IPAM Presentation: November 2009

Last Wednesday, myself and the other co-op student working with me did a presentation to the Information Protection Association of Manitoba (IPAM) about attacks on web-based applications. It was certainly an interesting experience. Although it wasn’t a stellar performance, I think we did okay considering our presentation skills. Unfortunately we were expecting a slightly larger percentage of technical-minded people rather than business-minded people, and thus I got the impression that some of the talk was a little over the heads of a few of those in attendance. Regardless, it was a learning experience, and something I learned a lot from.

I was approached twice after our presentation was over. The first gentleman, to paraphrase, suggested that the presentation would be more useful had it included a mitigation strategy to prevent and (hopefully) eliminate the possibility of attack. I thought he might be on to something here. After all, wouldn’t it be great to have a check list to go through, and making sure each item is checked off would result in a secure application? For the rest of the day, I spent a lot of time going back and forth on this idea. On one hand, this check list would be nice, but I also firmly believe that a large amount of the prevention relies on the skill level of the programmer, debugger, and penetration tester, and a check list simply wouldn’t be sufficient to protect yourself from attacks. But, having the check list would be a good start. Sort of an “if you’ve done these things, you’ve covered the basics” check list. It would be a good reminder sheet for pro programmers, and a good stepping stone for those who are just starting off. To that person, your suggestion has been heard, and the check list has been added to my to-do list, hopefully to have a first draft out within a month or so, so stay tuned for that.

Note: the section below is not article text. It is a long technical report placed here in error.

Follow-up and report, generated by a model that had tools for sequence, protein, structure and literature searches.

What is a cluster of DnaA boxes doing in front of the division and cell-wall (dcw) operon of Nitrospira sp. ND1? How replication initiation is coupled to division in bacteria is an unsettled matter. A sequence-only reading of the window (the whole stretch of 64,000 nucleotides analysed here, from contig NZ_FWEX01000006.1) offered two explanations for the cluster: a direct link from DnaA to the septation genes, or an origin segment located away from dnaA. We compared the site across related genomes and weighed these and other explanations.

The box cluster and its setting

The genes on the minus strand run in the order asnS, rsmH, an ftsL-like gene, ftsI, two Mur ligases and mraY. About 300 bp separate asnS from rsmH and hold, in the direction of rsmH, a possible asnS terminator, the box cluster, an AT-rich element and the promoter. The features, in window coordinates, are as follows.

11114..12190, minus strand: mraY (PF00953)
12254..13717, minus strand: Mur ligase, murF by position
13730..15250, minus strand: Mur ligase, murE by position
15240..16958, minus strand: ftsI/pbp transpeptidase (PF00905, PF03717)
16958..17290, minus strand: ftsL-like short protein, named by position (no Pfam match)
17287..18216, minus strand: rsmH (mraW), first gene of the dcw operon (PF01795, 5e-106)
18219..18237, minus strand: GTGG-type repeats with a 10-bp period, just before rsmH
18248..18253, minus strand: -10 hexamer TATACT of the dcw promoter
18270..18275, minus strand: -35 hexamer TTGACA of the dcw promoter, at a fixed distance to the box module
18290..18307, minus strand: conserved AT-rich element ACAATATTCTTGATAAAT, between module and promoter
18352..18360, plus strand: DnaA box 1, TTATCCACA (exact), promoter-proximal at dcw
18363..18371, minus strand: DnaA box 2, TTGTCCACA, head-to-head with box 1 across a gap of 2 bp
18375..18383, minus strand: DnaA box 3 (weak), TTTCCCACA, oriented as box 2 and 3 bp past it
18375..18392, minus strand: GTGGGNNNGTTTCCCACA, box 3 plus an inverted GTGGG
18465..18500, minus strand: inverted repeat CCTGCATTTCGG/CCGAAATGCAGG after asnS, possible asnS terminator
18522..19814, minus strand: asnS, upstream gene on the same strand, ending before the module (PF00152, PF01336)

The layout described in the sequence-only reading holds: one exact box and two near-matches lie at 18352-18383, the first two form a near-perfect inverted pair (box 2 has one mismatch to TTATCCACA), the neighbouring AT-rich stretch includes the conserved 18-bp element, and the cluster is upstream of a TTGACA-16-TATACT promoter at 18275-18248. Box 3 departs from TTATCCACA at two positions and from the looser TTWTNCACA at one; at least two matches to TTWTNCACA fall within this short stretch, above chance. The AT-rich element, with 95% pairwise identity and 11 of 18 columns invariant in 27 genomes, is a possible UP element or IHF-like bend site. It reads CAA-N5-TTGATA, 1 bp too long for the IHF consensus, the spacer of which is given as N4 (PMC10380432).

The second gentleman asked if the slides to the presentation would be online for later viewing. At the end of the presentation, although we took almost an hour, I was well aware that we were rushing; we probably had too much content that we wanted to cover. Before the presentation I had already planned to put the slides online as a reference; although it’s nice to see the slides during the talk, it’s also nice to go back and view them at a later date. Thus, my slides will be online here for anybody to take a look at. I will also be posting my source code, but that will be a bit later (ie. probably next week), since there’s a few sections that are a little finicky right now.

3 thoughts on “IPAM Presentation: November 2009”

    1. OWASP was a great source of research information for my presentation, and will continue to be. They always have great examples and suggestions, and it’s certainly on my priority list of things to read up on.

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